Off Broadway Reviews
Arnulfo Maldonado's attractive set, for no discernible reason, is arena-style, a descending curved staircase framed by a mountain backdrop and mirrors on the side, expanding the already wide stage. On it, Jean (Billy Eugene Jones) just starts narrating at us, unspooling a life tale that comes across as a series of short stories. He was, it seems, a Haitian French teacher who'd obtained a visa to the U.S., where he intended to go to community college and continue his teaching career. His life took some unexpected turns, including mostly contented relationships with at least the three girlfriends we hear about. But his story is revealed very gradually, because we're also hearing the monologues of ...
Jonah (Chris Myers), the Haitian-American immigrant living in a later era than Jean's, who, we ultimately learn, is Jean's son. He's gay and he has a thing for, as he relates to us, redheads and daddies. Smart, confident, but subjected to homophobic taunts from an early age, he has also crossed the Caribbean to find a better life in the States. Which he largely does. At a time of so many immigrant-experience plays, most of them about how miserable the immigrant experience is, here's the rare one where the huddled masses yearning to breathe free are actually pretty fortunate, and pretty happy. It's a nice change. But it's not the basis for searing drama.
Instead, it's a somewhat random dual narrative, punctuated by the occasional pungent observation on American life. Jean, on Thanksgiving: "This strange American holiday ... a day of giving thanks. Every day is that day in Haiti. Americans like to schedule, schedule every experience of their lives."
But wait, there's more: a band, the Bengsons, with Abigail and Shaun Bengson interrupting the narrative with their folk songs. They're pleasant listening, and they give both Jones and Myers a chance to shake a leg, to Steph Paul's choreography, when dance works its way into Jean's and Jonah's reminiscences. But the songs' relationship to these characters' existences? Tenuous, at best.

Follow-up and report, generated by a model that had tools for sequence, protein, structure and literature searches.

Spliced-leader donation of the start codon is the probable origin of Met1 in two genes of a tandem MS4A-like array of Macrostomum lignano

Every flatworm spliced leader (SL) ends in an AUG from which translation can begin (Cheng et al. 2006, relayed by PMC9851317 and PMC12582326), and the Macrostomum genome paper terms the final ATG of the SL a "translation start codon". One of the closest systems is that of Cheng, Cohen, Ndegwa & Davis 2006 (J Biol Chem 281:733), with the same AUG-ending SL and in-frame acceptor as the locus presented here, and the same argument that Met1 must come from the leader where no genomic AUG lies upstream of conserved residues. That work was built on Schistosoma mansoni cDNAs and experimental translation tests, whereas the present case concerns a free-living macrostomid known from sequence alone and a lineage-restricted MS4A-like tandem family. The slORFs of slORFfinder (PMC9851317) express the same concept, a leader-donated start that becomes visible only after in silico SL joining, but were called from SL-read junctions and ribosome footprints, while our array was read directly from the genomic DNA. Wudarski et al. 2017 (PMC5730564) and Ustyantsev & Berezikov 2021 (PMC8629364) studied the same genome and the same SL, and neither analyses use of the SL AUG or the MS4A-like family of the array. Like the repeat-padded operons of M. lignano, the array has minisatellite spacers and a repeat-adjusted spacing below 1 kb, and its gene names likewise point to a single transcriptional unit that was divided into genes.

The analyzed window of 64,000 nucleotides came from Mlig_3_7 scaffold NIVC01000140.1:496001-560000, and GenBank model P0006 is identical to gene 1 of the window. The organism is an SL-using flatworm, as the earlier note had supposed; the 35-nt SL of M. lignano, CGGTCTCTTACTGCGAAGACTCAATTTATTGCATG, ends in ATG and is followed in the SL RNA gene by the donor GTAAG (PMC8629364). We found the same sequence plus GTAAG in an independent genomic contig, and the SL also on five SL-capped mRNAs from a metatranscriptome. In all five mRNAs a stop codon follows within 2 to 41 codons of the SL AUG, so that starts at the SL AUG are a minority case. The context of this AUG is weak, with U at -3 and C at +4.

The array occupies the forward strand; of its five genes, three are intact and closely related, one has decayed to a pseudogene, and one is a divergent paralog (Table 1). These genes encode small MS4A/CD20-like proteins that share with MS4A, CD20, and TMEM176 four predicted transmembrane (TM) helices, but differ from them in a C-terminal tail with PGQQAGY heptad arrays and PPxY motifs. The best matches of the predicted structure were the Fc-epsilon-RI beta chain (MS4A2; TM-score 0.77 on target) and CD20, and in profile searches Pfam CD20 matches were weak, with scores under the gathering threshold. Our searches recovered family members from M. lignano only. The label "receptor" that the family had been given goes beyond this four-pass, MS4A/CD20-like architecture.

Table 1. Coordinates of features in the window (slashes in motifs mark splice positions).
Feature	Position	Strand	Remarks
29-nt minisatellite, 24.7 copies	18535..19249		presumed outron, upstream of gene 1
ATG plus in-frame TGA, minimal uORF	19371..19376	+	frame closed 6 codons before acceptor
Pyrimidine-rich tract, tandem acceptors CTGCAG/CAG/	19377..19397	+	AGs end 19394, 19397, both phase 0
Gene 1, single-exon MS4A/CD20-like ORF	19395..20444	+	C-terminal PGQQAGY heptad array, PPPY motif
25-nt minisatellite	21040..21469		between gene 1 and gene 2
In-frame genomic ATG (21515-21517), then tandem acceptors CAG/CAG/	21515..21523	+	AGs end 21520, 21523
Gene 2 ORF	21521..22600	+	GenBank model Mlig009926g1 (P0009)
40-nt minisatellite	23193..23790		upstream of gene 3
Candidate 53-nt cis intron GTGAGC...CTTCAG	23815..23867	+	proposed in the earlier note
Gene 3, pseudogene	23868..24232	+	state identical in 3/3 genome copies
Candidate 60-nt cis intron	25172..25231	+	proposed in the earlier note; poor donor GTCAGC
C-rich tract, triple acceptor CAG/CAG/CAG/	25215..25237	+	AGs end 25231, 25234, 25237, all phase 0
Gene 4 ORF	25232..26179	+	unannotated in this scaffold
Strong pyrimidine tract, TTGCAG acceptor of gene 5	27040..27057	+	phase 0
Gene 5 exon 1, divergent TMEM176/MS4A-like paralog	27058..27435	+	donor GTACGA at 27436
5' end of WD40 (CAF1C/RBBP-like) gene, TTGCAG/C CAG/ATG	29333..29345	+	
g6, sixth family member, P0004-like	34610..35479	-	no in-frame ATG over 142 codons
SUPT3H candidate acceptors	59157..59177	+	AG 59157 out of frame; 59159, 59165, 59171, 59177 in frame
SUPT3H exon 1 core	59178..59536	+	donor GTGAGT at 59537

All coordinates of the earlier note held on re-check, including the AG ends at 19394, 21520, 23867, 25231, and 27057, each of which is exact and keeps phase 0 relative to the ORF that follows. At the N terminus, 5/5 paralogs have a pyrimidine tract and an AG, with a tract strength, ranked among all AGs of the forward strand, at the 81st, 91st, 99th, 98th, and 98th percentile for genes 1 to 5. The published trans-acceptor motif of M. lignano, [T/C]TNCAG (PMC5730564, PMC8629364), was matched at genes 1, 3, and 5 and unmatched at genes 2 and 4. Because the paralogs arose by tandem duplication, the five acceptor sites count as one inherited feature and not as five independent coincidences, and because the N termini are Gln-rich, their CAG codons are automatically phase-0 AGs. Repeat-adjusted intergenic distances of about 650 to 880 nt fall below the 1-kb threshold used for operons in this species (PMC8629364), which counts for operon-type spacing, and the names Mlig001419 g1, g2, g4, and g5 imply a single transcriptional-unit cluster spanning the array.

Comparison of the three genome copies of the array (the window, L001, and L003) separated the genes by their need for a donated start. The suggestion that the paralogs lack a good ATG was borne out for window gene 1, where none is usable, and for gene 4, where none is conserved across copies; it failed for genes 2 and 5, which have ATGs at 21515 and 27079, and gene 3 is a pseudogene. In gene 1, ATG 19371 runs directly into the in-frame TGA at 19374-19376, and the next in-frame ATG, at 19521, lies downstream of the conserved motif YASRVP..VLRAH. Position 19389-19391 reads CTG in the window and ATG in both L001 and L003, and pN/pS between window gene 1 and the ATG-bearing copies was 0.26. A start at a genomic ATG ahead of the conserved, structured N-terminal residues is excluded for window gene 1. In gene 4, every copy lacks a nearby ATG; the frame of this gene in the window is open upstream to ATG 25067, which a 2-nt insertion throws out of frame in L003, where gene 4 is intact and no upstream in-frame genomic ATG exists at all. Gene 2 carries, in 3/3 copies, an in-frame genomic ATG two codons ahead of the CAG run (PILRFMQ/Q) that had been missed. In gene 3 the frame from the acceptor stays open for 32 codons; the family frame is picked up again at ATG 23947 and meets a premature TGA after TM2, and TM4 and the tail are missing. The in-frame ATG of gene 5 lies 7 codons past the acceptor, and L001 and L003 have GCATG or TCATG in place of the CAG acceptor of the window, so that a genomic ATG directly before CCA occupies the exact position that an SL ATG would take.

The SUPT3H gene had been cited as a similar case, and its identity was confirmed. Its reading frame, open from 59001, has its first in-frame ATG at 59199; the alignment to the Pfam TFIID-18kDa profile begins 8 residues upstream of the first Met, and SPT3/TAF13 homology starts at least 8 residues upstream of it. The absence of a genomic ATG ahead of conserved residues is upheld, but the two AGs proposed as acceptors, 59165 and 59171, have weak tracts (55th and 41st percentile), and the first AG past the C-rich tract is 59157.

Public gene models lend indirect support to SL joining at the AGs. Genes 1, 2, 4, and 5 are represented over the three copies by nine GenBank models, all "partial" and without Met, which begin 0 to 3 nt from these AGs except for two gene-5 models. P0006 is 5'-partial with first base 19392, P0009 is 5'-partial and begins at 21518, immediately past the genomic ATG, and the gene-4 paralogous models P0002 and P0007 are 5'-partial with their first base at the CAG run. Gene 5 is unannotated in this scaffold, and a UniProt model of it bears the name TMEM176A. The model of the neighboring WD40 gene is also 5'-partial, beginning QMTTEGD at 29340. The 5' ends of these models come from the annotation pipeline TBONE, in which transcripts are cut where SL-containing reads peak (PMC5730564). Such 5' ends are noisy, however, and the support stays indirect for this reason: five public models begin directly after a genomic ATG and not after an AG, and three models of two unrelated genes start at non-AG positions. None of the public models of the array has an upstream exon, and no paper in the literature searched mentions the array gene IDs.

We like these guys: Jones has a lovely lilting accent that makes Jean's memories sound more mellifluous than they read on page, and Myers has a varied, surprising delivery that can earn a laugh out of a line that doesn't really deserve it. But Augustin tends to repeat himself a lot, and there's only so much tension to be wrung out of these two narratives, each pushing forward without much conflict, and nearly devoid of strong emotion. Both men largely enjoy their American lives; both, after several false starts, are lucky in love; and we're left wondering if these two stories will ever coalesce, if father and son will ever come to any kind of rapprochement. (They don't hate each other, they're just mutually tentative and uncertain; again, not the stuff of sizzling theater.) Which, not much of a spoiler alert, they will. By the time Jean and Jonah are both grooving to "Oh My Love," with Myers plucking his own guitar, we're touched.
It's the usual classy MTC production, with glowing lighting by Stacey Derosier, unobtrusive costumes by Dominique Fawn Hill, and direction by Joshua Kahan Brody that stirs up as much emotion as can be gotten out of two benign life stories where nothing all that gripping happens. I expect that Augustin, a Haitian-American immigrant with an impressive resume (including episodes of the excellent Apple TV+ "The Morning Show," invested a lot of love in this recounting of his homeland and the price, and rewards, of assimilation after one has departed from it. But with its low-key retelling of two unremarkable lives, and its haphazard monologue-song-monologue format, Where the Mountain Meets the Sea–a title, by the way, that's never explained–resolutely fails to stick to the bones.
Where the Mountain Meets the Sea